Southeastern Med to Implement Telestroke Network
Contact: Kelli Koch
CAMBRIDGE, Ohio, May 31, 2011 – Nearly 800,000 strokes occur annually in the United States. Beginning June 1, suspected stroke patients coming to the Emergency Department at Southeastern Med will have immediate access to board certified neurologists at The Ohio State University Medical Center in Columbus through a telestroke network.
The OSU Medical Center telestroke network uses videoconferencing technology that allows stroke neurologists at the OSU Medical Center to assist physicians at rural hospitals in the diagnosis of patients with a suspected stroke, as well as provide support in deciding on the best treatment options for the patient.
Southeastern Med’s Emergency Department is now equipped with a video camera system, phone and computer to connect with stroke neurologists at The OSU Medical Center. When a stroke occurs, time is critical. By establishing a telemedicine link, stroke specialists from OSU Medical Center can speak with physicians at Southeastern Med, review patient records and diagnostic results, perform a full examination and talk with family members to help determine the best course of treatment. The patient and family are also able to see and hear the OSU Medical Center stroke physician through the video link.
The OSU Medical Center telestroke network offers neurological services for three southeast Ohio hospitals – Barnesville Hospital, Coshocton County Memorial Hospital, and Southeastern Med. A $265,000 grant to OSU Medical Center from the Ohio Department of Health provided the equipment and training for staff at all three hospitals.
The OSU Medical Center is a nationally certified stroke center designated by The Joint Commission on Accreditation of Healthcare Organizations (JCAHO). This certification recognizes the University Hospital as one of the select hospitals nationwide that meet the highest standards in quality and safety.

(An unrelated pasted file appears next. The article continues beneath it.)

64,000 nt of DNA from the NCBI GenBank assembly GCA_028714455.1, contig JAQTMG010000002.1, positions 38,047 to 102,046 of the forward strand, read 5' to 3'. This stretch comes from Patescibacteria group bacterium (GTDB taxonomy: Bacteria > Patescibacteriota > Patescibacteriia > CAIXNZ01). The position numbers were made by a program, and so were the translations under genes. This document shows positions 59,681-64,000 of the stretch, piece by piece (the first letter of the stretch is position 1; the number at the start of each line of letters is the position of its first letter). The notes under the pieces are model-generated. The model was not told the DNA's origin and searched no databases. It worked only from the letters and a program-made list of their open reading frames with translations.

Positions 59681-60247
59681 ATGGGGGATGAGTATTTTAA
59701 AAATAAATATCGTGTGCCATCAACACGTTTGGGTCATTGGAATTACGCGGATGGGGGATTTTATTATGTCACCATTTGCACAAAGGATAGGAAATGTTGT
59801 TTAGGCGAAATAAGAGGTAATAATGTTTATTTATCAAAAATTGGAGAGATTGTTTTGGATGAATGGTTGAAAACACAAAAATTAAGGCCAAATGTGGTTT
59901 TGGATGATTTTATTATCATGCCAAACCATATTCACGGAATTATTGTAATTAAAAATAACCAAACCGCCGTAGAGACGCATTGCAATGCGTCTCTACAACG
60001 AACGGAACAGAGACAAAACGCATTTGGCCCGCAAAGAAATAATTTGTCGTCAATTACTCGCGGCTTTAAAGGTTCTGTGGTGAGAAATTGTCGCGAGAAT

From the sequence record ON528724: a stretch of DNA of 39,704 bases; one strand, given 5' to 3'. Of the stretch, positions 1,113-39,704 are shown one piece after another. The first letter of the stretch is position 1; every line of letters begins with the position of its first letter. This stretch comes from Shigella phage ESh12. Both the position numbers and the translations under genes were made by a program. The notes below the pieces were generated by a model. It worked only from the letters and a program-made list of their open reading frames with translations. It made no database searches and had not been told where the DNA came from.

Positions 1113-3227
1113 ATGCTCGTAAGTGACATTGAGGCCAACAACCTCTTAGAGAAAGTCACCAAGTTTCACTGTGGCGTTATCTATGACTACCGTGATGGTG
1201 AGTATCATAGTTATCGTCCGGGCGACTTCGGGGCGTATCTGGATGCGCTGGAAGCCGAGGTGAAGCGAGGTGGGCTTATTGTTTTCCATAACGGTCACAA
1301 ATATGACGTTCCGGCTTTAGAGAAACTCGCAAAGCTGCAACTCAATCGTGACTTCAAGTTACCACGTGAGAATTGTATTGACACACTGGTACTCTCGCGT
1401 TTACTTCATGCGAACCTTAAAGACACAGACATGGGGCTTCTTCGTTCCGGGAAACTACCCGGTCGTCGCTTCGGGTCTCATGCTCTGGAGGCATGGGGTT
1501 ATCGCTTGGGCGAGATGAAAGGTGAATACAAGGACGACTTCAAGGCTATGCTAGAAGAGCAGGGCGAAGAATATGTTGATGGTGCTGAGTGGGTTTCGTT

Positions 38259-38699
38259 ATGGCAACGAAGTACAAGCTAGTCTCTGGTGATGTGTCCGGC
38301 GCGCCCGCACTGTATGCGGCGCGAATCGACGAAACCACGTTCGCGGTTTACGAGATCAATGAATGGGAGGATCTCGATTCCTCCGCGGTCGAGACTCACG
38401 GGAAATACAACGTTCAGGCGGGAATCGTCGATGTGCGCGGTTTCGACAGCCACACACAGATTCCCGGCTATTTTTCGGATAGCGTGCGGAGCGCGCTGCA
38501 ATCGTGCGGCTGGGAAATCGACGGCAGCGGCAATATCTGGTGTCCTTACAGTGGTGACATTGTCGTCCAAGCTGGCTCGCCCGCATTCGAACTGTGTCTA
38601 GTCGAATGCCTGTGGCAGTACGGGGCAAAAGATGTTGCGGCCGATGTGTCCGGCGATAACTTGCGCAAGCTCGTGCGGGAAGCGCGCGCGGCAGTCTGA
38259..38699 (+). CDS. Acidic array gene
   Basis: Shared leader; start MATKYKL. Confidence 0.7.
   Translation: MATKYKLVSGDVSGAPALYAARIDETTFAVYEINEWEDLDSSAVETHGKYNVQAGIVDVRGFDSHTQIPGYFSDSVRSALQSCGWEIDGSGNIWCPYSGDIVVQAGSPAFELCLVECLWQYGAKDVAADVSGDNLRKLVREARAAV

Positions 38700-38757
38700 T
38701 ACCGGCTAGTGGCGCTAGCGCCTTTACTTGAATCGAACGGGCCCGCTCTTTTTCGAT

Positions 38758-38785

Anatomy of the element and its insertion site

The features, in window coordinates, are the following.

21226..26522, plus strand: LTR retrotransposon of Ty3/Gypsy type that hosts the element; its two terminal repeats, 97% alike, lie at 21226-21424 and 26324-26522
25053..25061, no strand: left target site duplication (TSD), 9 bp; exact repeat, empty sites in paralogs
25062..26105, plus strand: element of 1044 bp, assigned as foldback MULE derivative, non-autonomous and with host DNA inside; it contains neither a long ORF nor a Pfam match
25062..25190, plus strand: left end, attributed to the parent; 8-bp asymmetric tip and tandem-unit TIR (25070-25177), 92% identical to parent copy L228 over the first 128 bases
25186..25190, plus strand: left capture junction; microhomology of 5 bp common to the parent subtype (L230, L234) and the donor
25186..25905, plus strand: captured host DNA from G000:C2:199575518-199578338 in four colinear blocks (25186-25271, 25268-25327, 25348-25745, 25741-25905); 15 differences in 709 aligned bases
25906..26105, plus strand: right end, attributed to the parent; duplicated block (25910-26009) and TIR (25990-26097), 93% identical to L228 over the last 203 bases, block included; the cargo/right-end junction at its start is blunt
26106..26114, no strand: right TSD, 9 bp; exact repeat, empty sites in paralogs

Identifying the signs of a stroke and getting treatment quickly can make the difference between full recovery and a lifetime of disability. The warning signs of stroke include:
- Sudden numbness or weakness of face, arm or leg – especially on one side of the body.
- Sudden confusion, trouble speaking or understanding.
- Sudden trouble seeing in one or both eyes.
- Sudden trouble walking, dizziness, loss of balance or coordination.
- Sudden severe headache with no known cause.
“For stroke patients, time is brain,” said Terri Sabo, BSN, RNBC, chief nursing officer assistant at Southeastern Med. “If the patient seeks immediate medical attention, medication is available to prevent disability after a stroke. It’s very important to call 911 at the first sign of a stroke. EMS responders will notify the hospital of the possible stroke patient, and our Stroke Team will be ready upon the patient’s arrival to provide the best stroke care possible.”
If you or someone you are around experiences any of these symptoms, it’s important to quickly seek medical attention. For more information on stroke, please visit, www.stroke.org.